Which shows my ignorance because they not only knew about those schools, but had their own experiences today related to the trauma that originated in the past. So there was no way we could get to know and trust each other if I didn’t acknowledge that somhow.
The following story occurred during the First Nation-Farmer Climate Unity March that I mentioned above.
It didn’t take too many hours of getting to know Matthew when the Spirit led me to say to him, “I know about Quakers’ involvement in the Indian boarding schools. I’m sorry they did that.” I was apprehensive about whether I should have said that, whether that was appropriate or could pull up bad memories. We continued to walk side by side. All I noticed was a slight nod of his head. He always smiles, and that didn’t change.
One of the next times we walked together, Matthew shared a story with me. He had been living at Standing Rock for about six months, when he learned a new rope was needed to ferry people back and forth across a narrow channel of water. He offered a rope so the ferry’s operation could continue. He went on to say his mother called him after she recognized the rope while watching a TV news story. She was very upset because that brought back terrifying memories of how the Native families would try to help their children escape when white men came to kidnap them and take them to a boarding school.
After the March I realized there were several other Native friends who knew I was a Quaker, but with whom I had not shared an apology like the one above with Matthew. I felt I needed to do so because we continued to work on things together, and I sometimes shared a Quaker perspective with them.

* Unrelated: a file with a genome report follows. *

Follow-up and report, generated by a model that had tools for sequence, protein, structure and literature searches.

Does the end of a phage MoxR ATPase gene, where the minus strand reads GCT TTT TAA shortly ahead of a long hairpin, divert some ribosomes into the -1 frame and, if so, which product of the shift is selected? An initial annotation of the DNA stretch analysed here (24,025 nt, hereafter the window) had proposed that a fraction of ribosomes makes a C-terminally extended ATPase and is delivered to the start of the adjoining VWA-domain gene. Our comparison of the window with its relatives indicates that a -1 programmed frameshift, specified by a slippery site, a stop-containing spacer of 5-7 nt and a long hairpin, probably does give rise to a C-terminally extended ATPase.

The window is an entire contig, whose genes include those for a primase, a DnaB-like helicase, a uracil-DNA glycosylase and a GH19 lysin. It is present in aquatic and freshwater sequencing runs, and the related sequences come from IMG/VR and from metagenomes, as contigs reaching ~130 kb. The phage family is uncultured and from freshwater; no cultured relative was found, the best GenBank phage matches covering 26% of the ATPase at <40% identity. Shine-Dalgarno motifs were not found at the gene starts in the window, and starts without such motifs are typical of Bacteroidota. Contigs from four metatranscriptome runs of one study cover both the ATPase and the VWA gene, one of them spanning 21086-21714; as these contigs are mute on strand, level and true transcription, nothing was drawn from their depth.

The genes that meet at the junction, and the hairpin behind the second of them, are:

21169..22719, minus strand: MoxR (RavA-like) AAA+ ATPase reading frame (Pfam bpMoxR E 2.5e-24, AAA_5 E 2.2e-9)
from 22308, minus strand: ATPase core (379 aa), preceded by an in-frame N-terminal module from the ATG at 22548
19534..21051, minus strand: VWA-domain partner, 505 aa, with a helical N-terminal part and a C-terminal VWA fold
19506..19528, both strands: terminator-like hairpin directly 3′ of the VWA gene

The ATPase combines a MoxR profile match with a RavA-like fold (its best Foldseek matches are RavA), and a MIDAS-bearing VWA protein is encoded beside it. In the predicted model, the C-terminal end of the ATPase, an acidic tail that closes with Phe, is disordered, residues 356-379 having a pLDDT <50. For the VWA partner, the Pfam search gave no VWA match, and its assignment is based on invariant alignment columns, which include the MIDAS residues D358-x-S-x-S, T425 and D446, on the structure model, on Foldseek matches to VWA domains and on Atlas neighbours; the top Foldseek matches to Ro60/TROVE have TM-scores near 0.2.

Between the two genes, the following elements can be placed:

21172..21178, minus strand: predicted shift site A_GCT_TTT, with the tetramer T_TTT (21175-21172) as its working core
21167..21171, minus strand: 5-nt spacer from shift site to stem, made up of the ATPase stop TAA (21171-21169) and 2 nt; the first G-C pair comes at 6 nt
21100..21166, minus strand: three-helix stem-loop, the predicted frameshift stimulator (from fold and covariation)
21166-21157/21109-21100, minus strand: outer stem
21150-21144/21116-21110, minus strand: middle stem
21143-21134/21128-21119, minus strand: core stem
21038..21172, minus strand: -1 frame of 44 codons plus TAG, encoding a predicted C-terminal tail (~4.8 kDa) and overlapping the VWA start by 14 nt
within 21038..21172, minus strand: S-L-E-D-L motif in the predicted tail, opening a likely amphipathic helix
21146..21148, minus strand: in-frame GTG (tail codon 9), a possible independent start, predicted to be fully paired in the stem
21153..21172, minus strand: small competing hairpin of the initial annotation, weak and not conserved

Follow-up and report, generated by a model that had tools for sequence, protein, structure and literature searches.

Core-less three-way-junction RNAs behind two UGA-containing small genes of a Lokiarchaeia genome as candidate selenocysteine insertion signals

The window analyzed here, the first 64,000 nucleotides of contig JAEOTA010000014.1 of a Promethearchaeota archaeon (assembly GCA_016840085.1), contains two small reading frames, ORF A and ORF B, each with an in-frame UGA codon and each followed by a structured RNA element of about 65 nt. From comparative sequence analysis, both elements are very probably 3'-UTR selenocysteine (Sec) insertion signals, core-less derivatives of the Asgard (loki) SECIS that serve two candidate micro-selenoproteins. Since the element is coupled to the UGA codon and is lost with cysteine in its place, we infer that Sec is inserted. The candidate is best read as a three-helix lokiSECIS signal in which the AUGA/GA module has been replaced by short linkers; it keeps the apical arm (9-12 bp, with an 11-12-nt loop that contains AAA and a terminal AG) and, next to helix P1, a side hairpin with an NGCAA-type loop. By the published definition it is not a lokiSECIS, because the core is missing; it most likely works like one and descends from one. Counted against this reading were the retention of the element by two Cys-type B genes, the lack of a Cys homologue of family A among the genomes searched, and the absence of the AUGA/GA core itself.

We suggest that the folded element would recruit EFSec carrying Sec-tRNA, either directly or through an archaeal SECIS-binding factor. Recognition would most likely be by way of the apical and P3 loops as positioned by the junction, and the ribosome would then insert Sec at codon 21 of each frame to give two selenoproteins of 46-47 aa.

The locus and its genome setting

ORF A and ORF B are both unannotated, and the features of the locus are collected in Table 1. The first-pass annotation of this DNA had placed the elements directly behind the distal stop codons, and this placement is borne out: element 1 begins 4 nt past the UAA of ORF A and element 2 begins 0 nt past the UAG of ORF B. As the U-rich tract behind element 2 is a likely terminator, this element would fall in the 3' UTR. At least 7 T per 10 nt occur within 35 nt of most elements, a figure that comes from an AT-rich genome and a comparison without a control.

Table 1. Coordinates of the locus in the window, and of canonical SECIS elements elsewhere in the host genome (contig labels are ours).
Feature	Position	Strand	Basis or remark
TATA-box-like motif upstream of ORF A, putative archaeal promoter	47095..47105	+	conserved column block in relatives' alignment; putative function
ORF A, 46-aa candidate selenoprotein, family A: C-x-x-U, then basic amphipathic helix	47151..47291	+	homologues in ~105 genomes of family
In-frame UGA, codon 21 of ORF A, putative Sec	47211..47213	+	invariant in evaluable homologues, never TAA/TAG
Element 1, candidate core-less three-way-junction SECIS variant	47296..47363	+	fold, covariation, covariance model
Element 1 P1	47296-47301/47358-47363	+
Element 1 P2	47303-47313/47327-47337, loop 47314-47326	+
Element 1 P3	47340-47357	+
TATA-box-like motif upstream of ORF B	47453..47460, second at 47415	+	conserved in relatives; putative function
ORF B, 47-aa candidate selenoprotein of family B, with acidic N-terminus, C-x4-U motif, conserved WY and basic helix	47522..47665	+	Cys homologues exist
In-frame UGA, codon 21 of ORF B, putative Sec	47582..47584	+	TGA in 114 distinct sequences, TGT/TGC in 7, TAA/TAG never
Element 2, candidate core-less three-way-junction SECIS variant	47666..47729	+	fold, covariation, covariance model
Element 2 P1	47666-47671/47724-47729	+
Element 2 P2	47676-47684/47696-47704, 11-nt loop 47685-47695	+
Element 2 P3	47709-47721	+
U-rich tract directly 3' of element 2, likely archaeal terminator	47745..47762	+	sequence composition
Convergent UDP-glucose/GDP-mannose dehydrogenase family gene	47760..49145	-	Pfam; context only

One of my friends said “Awww Jeff… as long as you acknowledge it and learning how to be an ally then that’s all we can ask.”
Another told me, “thank you. My grandmother grandfather and aunt were in boarding schools. The trauma is horrific and it still resonates within the generations afterwards. Because, as you know, the institutionalized racism and frontier culture still exist.”
One of the reasons this is so much on my mind now is because I’ve been hearing Indigenous Youth for the Wet’suwet’en speak very eloquently in their public gatherings. For the past several months I’ve been learning all I can, and writing about the Wet’suwet’en peoples and their courageous actions to keep pipelines like the Coastal GasLink pipeline from being built on their incredibly beautiful lands. And I have been surprised at how often the Indian residential schools, and forced assimilation, have been spoken about.
We’ve had to fight for over a hundred years. And despite the residential schools despite the epidemics of smallpox, tuberculosis. Despite the enfranchisement. Despite the reserve. Despite all the assimilatory policies of Canada that have existed up until the modern day, our system of governance and the Wet’suwet’en system of governance has persevered and they have remained strong as is demonstrated by the five clans of the Wet’suwet’en when they evicted Coastal GasLink from their territories.Kolin Sutherland-Wilson
Victoria Redsun says it is difficult to be a young, Indigenous person in an urban environment right now.
“We see our people on the streets and hurting,” says Redsun who adds that residential schools are still fresh in her memory and the issues around violence and genocide against Indigenous women is still happening.
I am “inconvenienced” by the Wet’suwet’en protests. I live close to Clark and Hastings , am dependent on public transit, walk slowly, and use a cane. So when the buses are rerouted it is quite inconvenient for me. But , I need to talk about scale and proportionality here. Yes it is a drag and inconvenient for me, but it is far more “inconvenient” to have a pipeline you did not agree to traversing your land. It is far more inconvenient to have to live with boil water advisories. It was far more inconvenient to have your children forcibly removed and sent to residential schools, and it is totally inconvenient to have your unceded land stolen.MArion Pollack February 25 at 3:48 PM
So while walking the extra way to or from the bus stop (and finding it) is inconvenient and not easy for me it is nothing in comparison to what Indigenous peoples and especially the We’tsuwe’ten are facing.
And, the courage of the protestors give me convenient hope.